Sentenced to a Life in Orthotics?
One of the most common, and frustrating narratives I hear in the clinic from patients, is that they’ve been wearing the same orthotics in their everyday or athletic footwear for up to 10-20 years. Often they’ve been resurfaced or even completely re-made, without having an un-biased healthcare professional thoroughly re-assess their need for orthotics and discuss modifications in wear-time, as well as, their short and long term (positive and negative) effects.
Does this sound like you? Have you ever questioned what you’re orthotics are doing for you today? Was the teenage version of you, initially prescribed orthotics for foot pain, ever educated on HOW or WHAT your orthotics are doing for you, or for how long they would be required? Sure, we often don’t pay attention to these boring details, so it’s partially our fault, but I urge you to question whether or not you still have the same need for orthotics as you did 10-20 years ago. Consider, not only how much our knowledge as professionals recommending and prescribing orthotics has evolved, but also how much you have evolved!
The second most common and frustrating narrative that I hear from patients in the clinic is that, somewhere along the line, they’ve been given the devastating diagnosis of congenital “flat feet” or “absent arches”. Most of these patients have, again, somewhere along the line, been informally sentenced to a life in orthotics to correct their tragic condition. All sarcasm aside, in a nutshell, your flat feet are not the problem. I am more inclined to blame the “flat feet” pandemic on our shoe dependency- full time structural supports that weaken the muscles of our feet over time. Our shoes can’t take all the blame though, how about the fact that while we know that strength and conditioning is important to prevent injuries, why are our feet exempt from this idea? Have you ever taken your shoes off and trained your feet, or even simply performed your typical exercise routine, garden work or daily walk without shoes on? Many of you who have been sentenced to a life in orthotics often even avoid walking barefoot at home, for fear of pain or just a lack of clarity as to what you should be doing for your feet.
Your feet should be treated no differently than any other part of your body when it comes to injury prevention and management. Perhaps they should be given more attention, since they are our front line workers- they are the first to absorb impact and they carry us around all day.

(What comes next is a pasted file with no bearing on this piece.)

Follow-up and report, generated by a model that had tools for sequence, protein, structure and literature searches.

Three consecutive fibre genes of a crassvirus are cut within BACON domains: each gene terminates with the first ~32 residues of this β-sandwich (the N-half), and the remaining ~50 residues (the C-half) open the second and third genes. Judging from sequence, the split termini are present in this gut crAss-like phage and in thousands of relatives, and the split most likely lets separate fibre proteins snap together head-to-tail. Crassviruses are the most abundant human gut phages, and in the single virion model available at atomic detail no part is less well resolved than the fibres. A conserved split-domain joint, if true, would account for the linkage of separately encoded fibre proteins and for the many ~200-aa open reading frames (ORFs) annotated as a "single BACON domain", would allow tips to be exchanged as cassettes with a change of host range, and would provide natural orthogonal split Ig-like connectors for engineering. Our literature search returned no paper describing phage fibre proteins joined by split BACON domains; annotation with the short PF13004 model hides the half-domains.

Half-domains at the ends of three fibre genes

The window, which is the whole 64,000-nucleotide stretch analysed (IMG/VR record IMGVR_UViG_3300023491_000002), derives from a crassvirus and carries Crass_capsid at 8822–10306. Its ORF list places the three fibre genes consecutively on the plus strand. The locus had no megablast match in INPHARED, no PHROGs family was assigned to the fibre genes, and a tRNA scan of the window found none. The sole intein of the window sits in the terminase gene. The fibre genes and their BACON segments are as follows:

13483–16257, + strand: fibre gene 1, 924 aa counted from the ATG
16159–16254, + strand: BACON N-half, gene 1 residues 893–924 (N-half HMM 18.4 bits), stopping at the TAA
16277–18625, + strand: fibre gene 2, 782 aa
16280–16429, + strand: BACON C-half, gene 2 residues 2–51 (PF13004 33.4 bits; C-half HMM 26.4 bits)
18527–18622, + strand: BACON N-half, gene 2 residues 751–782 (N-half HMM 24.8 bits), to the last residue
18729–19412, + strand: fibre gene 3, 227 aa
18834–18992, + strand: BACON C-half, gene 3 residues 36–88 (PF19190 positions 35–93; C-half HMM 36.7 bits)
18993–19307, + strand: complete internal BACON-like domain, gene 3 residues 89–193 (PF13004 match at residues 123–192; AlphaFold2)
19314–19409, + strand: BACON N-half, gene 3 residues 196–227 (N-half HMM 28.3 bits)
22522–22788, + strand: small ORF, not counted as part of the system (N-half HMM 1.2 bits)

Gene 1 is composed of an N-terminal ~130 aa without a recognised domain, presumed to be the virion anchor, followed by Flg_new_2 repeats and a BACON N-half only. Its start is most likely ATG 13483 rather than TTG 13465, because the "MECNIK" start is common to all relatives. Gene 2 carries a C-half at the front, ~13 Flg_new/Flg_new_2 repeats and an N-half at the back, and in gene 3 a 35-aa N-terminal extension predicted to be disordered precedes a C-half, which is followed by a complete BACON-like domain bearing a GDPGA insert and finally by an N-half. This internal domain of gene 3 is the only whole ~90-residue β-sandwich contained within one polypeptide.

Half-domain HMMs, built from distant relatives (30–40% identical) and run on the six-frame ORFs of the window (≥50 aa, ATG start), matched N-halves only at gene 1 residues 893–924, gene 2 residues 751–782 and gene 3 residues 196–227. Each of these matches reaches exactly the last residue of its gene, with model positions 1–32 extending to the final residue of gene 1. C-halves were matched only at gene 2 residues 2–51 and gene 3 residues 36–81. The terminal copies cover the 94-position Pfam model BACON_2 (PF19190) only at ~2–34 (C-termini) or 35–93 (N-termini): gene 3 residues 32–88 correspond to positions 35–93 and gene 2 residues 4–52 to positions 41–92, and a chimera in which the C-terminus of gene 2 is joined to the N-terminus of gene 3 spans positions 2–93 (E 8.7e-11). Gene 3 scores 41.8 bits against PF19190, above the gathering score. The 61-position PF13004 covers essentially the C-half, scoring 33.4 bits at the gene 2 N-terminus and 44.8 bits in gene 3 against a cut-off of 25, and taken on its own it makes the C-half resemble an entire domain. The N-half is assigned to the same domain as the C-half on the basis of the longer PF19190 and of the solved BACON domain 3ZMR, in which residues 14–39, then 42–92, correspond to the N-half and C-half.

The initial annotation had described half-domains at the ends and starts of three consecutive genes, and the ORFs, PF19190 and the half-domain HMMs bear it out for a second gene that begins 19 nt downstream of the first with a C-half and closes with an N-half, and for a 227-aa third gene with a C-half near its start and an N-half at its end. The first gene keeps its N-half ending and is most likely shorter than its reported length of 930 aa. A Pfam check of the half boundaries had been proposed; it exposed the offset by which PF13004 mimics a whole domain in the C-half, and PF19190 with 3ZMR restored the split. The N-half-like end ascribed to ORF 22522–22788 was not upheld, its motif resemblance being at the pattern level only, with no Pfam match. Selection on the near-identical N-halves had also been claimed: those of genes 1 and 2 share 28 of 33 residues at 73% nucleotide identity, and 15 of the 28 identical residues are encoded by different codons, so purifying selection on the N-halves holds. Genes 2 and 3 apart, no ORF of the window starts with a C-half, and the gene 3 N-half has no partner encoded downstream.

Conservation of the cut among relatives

I am not saying there is no place for orthotics. Corrective orthotics can
play a huge role in decreasing pain and improving quality of life in many cases including, significant leg discrepancies, congenital or post-traumatic structural abnormalities (this does not include flat feet) and neurological conditions, to name a few. Further, prescription of short-term custom or non-custom orthotics can help to settle down an acute inflammatory condition or flare up by providing an external support- like a crutch would offload your painful limb. Unfortunately, while none of us would assume crutches are necessary for life to prevent the recurrence of pain, with respect to orthotics, many people either make this assumption due to a lack of education, or are misinformed that this is the case.
While healthcare practitioners have an obligation to better educate patients around orthotics, I would also encourage patients to ask more questions about your new or existing orthotics. Here are the questions we should be asking before endeavoring into the world of orthotics:
WHY do I need orthotics?
HOW are they going to help with my pain/injury?
Is there anything else I could be doing to resolve my problem instead of or in addition to orthotics. If the answer to this question is no, please seek a second opinion!
Think of your prescribed orthotics as you would a medication. You’d probably want to know the following regarding DOSE:
For how long do you anticipate I will need to wear them for?
How frequently should I be wearing them? This answer should change over time!
When should I be re-assessed?
With respect to the third question, all passive treatment modalities (orthotics, splints, braces, manual therapy, needles, tape etc.) should be accompanied by corrective exercises. Generally speaking, in the context of repetitive strain injuries for which orthotics are prescribed, pain typically arises from one or more of the following:
A muscular imbalance or asymmetry
A destructive compensatory pattern from an old injury
Weakness/learned non-use- think “flat feet” in shoes
Too much of anything, too soon (without adequate build up), without adequate recovery
While passive modalities, including orthotics, can help in the short term to help calm things down, and create an optimal healing window, if we don’t subsequently USE that healing window to replace passive interventions with corrective exercises, or simply allow you to gradually return to activities without fear of re-injury- we, as therapists, are not providing you with a long term resolution.
I hope that by drawing your attention to the “flat feet” pandemic, I have highlighted a broader theme, that is, orthotics should not be considered as a solitary treatment for ANY condition. I hope that I have inspired you to be inquisitive during your next follow-up and play an active role in your recovery. Don’t settle for short term relief, and certainly don’t settle for long term dependency (on any treatment), before first seeking guidance on active interventions, whether it be strengthening your arches for flat-feet related pain, or strengthening your core for back pain.
**Please do not wean from your orthotics without first consulting with your physiotherapist, asking the questions I’ve suggested above and coming up with a plan!**